Eileen Dixon had always been aware of the Chernobyl Children’s Project and its Galway branch Camp Claddagh and last year decided to host two little girls from the ‘red zone’ in Belarus, one of the areas worst affected by the nuclear disaster of 1986.
“We’d always been thinking about it. We heard them on the radio, looking for families. We just rang up Fiona Conneely and it sort of kicked off from there. She’s been running the organisation from the start, really,” explains Eileen.
Eileen and her family are this month hosting two of the 22 Belarusian children affected by the Chernobyl disaster who have been brought to Galway for a rest and recuperation programme through Camp Claddagh, of which she is also PRO.
Families can choose whether they would like to host boys or girls, but the decision as to which children are sent to Ireland is made by social workers in Belarus. As well as the obvious health risks posed by radiation in the area, Eileen explains that many of these children come from difficult family backgrounds.
“A lot of these children have problems, there’s an awful lot of alcoholism in Belarus. They’re nearly like social orphans, because they don’t have a great family structure. Not all of them come with that problem, but a high percentage of them do,” says Eileen.
The main problem, of course, is the radiation. The land in Belarus has been poisoned and will remain so for generations, meaning that children born long after the 1986 catastrophe continue to suffer health problems.
“I’ve a ten-year-old here at the moment, and she’s fitting into age five to six clothes, she’s tiny. A lot of them are malnourished. Because they eat from the land, a lot of the food is contaminated. This little one, they have a little plot, and they sow all their crops, so they’re eating potatoes from already contaminated land. It’s a vicious circle for them really.”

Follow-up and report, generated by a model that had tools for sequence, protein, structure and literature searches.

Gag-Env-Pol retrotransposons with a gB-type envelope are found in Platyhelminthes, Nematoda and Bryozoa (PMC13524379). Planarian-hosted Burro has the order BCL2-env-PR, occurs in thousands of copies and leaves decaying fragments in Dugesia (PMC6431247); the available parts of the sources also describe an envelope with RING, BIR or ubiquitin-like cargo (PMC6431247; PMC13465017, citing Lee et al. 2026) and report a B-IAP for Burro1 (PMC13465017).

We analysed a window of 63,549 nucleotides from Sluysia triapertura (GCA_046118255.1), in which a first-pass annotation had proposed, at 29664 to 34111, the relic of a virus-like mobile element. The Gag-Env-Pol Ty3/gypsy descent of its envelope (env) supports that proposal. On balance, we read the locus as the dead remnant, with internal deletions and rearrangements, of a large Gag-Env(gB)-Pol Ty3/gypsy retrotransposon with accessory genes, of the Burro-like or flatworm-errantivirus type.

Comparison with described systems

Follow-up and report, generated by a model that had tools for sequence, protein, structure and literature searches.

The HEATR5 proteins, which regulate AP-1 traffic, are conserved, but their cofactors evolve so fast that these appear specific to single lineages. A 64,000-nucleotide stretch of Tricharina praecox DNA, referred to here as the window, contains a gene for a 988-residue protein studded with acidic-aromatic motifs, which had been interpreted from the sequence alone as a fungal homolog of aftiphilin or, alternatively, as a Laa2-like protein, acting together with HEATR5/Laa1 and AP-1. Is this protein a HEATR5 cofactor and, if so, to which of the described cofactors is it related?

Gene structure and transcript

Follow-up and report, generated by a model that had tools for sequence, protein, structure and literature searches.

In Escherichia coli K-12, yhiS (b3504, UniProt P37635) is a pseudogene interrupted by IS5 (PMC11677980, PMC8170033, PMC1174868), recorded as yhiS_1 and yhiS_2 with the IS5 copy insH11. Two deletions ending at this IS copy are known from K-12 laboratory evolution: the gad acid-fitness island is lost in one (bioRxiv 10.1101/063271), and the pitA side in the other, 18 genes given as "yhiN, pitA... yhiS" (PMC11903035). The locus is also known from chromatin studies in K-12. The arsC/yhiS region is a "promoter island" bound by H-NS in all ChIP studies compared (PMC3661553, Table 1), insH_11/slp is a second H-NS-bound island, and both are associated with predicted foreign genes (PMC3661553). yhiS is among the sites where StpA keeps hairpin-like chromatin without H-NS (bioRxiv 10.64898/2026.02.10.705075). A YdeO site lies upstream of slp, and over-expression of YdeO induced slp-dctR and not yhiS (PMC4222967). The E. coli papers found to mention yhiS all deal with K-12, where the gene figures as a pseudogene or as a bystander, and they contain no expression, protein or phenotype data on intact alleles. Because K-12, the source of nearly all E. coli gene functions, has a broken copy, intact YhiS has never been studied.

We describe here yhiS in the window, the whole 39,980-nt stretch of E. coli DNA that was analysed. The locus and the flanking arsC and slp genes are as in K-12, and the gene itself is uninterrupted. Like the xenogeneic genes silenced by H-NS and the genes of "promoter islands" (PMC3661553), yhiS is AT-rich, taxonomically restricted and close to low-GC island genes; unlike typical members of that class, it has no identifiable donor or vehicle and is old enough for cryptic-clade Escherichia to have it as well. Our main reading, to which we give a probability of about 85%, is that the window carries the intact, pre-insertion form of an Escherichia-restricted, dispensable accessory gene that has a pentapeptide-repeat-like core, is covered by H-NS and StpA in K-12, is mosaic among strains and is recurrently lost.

The two children, Tatsiana and Nastassia, aged nine and ten, have never been to Ireland before. The health benefits of a one-month stay in Galway – an extra two years added to their lives – are so huge, Camp Claddagh tries to ensure as many children as possible benefit, so repeat visits are rare.
The visible change in the children’s demeanour over the month is stark, explains Eileen. Tatsiana and Nastassia have only been in Ireland three days when Eileen speaks to the Galway Independent, and already she can see a difference.
“You look at them arriving, they have little rucksacks, they have very little with them, and they look so pale and pasty, and they go back and they’re beaming. You can just see it in them – they blossom, really, and that’s only in a month, and it is rewarding,” says Eileen.
“They crave a lot of fruit and vegetables. They seem to have a lot of vitamin and mineral deficiencies so they crave a lot of that. They eat copious amounts of fruit; it’s unreal. They’re just continually eating fruit.”
In her second year involved with Camp Claddagh, Eileen has also taken on the role of Public Relations Officer, which, she says, mainly involves “drumming up support”. Camp Claddagh, like any charity, has been affected by the country’s recent economic woes. It costs up to €800 to bring a child over to Ireland for a month, and host families have to raise as much of that themselves as they can.
“We’re working hard for what we’re getting. Funds are down. It’s a big ask for people to take children into their home, but the rewards are big too. We’re always looking for more families. The more families we can get, the more children we can bring to the country.”
In her second year with Camp Claddagh, Eileen says she hopes to remain working for and with the organization for many years to come.
“It’s great for my children too. They’re eight and nine, and they see another side of life. Even the other children in Cornamona, they realise how privileged they are. It’s all about sharing, really.”